If you are a tech professional, you should be worried about your job. Tech companies laid off over 150,000 workers in the first quarter of 2023, a figure that nearly eclipses total tech layoffs in 2022.
Experts are predicting that tech sector layoffs will continue, meaning that now is the time for tech professionals to gain the qualifications they need to boost job security. Is getting an MBA the answer?
MBA Pros and Cons
PROS: An MBA can help you gain business knowledge outside your tech specialty, build a professional network and help if you aspire to a management role.
CONS: MBAs can be expensive, they take time to earn, and MBA classroom knowledge can seem outdated compared with the speed at which tech innovates.
In the past, many tech pros have looked to a Master of Business Administration (MBA) degree to bolster their tech resume, believing an MBA delivers the valuable know-how and acumen for advancing in a tech career. But does it? Here’s what to consider before spending money and time on an MBA.
The main benefit that tech professionals gain from an MBA is professional networking. MBA students join a community of tech professionals, many of whom are pursuing similar career goals. In addition, they get access to a network of school alumni and a faculty of professors who can share real-world experience and industry connections.
The network development that an MBA provides can be a big help to tech pros early in their careers, with stats showing that networking alone is responsible for filling as many as 85 percent of all jobs. After all, in many ways, networking is all about who you know.
Tech entrepreneurs and those in business development often rely on the connections made through networking to advance their business interests. Establishing and fostering those connections can help them achieve their management ambitions.
In addition to these benefits, MBA programs can allow tech professionals to improve their knowledge and skills around emerging technologies used in day-to-day business operations, such as AI and logistics solutions. This can help them improve their confidence when going into a job interview, which could lead to them receiving a more competitive salary.
To start, they are expensive. Tuition costs for an MBA range from $30,000 to $120,000. If getting your MBA means taking time away from work, you may need to add lost job income to the equation, which will likely only dissuade you further from pursuing an MBA.
More than half of MBA degree programs don’t show a positive return on investment for students, according to a report from Inside Higher Ed. Despite the MBA still being the most popular master’s degree in the United States, more than 50 percent of those in an MBA program will experience a financial net loss for obtaining the degree.
The blazing pace of tech also creates problems regarding the utility MBAs can provide. From the moment they are produced, legacy MBA classes and the case studies they rely on are already outdated, delivering insights that are irrelevant and sometimes misleading. Similarly, although MBA programs can provide general business knowledge, they do not send graduates into the workforce with the latest and most relevant tech knowledge.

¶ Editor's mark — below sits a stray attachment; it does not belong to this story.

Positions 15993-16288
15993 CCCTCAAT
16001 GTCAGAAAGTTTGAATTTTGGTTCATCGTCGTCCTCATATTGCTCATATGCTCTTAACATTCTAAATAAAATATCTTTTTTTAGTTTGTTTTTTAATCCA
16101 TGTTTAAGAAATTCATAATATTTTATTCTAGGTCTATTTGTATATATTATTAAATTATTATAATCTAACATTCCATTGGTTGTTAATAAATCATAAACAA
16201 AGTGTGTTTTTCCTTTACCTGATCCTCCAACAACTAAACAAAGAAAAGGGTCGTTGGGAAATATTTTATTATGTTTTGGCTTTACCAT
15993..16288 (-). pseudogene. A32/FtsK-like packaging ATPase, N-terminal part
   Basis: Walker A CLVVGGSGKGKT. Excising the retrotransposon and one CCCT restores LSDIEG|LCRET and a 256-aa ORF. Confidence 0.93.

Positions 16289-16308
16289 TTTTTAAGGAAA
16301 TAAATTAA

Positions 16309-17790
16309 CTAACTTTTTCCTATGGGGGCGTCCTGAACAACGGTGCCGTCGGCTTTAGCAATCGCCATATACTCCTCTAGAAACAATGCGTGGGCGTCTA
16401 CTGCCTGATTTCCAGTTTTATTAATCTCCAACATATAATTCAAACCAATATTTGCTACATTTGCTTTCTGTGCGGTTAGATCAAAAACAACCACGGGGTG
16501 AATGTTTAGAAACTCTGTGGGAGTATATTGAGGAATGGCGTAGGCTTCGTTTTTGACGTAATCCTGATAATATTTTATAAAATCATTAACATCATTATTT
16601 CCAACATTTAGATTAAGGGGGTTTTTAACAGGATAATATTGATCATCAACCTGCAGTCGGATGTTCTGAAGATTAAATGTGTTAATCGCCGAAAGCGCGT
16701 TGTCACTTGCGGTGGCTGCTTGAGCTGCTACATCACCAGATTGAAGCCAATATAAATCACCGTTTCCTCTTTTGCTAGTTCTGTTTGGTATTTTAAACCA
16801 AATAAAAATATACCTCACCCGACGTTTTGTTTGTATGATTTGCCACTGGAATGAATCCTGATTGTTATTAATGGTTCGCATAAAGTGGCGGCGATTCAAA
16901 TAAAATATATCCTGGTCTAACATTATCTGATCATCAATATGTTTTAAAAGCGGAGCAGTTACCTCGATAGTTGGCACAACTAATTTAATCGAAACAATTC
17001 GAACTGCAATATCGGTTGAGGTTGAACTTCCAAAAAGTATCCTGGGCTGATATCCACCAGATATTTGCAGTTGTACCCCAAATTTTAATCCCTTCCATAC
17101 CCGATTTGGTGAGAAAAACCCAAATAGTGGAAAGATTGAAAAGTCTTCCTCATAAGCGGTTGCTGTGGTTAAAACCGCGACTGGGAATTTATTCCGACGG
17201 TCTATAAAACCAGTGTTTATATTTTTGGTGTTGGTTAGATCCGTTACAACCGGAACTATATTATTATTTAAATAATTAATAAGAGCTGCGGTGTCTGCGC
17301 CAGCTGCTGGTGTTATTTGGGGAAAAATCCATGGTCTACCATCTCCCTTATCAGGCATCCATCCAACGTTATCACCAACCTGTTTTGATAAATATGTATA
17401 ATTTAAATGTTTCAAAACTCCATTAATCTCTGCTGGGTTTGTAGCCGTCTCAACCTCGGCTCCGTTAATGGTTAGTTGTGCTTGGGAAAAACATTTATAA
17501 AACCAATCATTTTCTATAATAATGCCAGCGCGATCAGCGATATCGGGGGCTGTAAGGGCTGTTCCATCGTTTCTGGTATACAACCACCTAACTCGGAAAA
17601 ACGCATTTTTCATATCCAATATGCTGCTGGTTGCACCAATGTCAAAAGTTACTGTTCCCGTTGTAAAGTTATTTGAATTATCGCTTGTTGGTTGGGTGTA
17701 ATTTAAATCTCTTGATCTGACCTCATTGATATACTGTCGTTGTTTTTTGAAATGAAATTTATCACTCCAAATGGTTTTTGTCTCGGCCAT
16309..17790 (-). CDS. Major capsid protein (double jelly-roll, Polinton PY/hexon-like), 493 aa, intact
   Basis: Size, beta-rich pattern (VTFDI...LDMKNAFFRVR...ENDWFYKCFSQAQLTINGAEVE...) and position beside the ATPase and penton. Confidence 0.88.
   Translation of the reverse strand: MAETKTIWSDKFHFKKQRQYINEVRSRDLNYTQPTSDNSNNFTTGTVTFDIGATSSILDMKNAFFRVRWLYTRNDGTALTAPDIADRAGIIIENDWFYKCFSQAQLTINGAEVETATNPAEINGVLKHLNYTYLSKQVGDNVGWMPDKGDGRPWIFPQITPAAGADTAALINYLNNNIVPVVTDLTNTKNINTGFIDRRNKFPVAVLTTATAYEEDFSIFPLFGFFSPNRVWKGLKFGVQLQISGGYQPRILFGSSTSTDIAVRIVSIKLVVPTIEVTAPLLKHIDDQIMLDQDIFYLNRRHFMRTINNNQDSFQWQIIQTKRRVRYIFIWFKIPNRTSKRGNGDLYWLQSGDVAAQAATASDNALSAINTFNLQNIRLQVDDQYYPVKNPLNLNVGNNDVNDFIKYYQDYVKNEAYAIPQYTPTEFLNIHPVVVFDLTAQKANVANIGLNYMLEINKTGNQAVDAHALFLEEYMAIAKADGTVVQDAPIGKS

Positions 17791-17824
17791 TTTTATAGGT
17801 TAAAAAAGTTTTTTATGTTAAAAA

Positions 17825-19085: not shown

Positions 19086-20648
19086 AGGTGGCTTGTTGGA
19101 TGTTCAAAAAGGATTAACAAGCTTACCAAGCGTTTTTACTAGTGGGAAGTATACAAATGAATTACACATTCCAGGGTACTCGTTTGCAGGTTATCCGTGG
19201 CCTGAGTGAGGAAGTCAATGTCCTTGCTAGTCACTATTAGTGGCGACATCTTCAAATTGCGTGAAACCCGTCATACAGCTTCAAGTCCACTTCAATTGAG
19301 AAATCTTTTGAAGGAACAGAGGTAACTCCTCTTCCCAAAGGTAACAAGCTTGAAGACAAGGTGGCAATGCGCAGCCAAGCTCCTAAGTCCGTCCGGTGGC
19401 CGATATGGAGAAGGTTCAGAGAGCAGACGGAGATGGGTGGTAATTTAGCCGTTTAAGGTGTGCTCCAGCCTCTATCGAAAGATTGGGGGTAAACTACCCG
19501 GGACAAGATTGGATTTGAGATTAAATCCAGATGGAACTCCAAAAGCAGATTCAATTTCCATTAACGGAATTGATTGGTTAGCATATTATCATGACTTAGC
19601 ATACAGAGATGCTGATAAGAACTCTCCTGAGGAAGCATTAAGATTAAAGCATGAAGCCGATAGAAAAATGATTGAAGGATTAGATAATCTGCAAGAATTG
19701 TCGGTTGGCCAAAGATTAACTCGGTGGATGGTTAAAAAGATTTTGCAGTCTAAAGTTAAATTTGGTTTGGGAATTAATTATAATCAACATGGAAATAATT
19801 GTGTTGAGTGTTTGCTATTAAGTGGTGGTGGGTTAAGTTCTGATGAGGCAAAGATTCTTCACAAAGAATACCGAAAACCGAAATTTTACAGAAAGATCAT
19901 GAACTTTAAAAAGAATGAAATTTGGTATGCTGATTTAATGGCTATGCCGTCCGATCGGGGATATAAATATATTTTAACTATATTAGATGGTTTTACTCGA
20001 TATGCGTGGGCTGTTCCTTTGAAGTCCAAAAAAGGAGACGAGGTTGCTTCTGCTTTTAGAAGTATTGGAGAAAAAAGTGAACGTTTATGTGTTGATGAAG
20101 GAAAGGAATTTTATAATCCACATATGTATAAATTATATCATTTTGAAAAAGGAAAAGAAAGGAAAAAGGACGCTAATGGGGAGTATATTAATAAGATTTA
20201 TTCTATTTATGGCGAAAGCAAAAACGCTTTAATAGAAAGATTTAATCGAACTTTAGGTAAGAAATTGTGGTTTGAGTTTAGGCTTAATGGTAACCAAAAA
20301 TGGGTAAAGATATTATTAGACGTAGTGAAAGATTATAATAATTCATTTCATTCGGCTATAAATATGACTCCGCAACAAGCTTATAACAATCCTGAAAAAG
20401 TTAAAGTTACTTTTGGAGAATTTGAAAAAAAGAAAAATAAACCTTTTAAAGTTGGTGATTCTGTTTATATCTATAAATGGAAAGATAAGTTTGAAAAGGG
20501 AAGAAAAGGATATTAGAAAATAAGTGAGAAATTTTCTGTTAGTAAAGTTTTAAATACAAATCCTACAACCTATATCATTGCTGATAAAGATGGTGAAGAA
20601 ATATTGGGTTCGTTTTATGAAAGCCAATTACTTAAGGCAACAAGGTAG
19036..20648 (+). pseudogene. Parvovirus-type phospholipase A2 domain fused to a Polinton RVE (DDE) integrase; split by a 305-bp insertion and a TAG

Artificial intelligence is one example of the kind of disruptive technology that today’s tech pros must contend with. AI’s development has been moving at breakneck speed over the past year, impacting virtually every industry. However, today’s MBA graduates most likely have had zero relevant study on the topic.
Standing out in today’s tech world requires a higher level of learning, and to thrive, today’s tech professionals must have an always-on learning routine. Without constant updates, they will struggle to manage disruptions, hit targets and showcase their value to the organizations that employ them.
MBA Issues and Solutions
As should be expected, new technologies are emerging to address the problems with MBA programs. Social learning, which combines in-the-moment insights, relevant subject matter expertise, and a supportive community, is one example of an innovative approach now available to tech pros for performance improvement and career development.
Hybrid programs that combine online and in-person learning are also providing more flexibility to MBA students, and 70 percent of employers believe that these degrees are just as good as those earned from traditional MBA programs.
While the goal of an MBA is to provide value through advanced learning and relevant networking, the reality is that they rarely deliver this value. The formal structure of MBA programs simply can’t keep pace with the developments in the tech space, and the sheer costs and net ROI loss of these programs hinder those most in need of career development.
Tech professionals must accept that locking into a costly, two-year commitment in order to learn outdated information is not the right solution for today’s tech landscape. The future of work will be built on communities of professionals learning from one another via social technology that provide a much greater and quicker impact at far lower costs.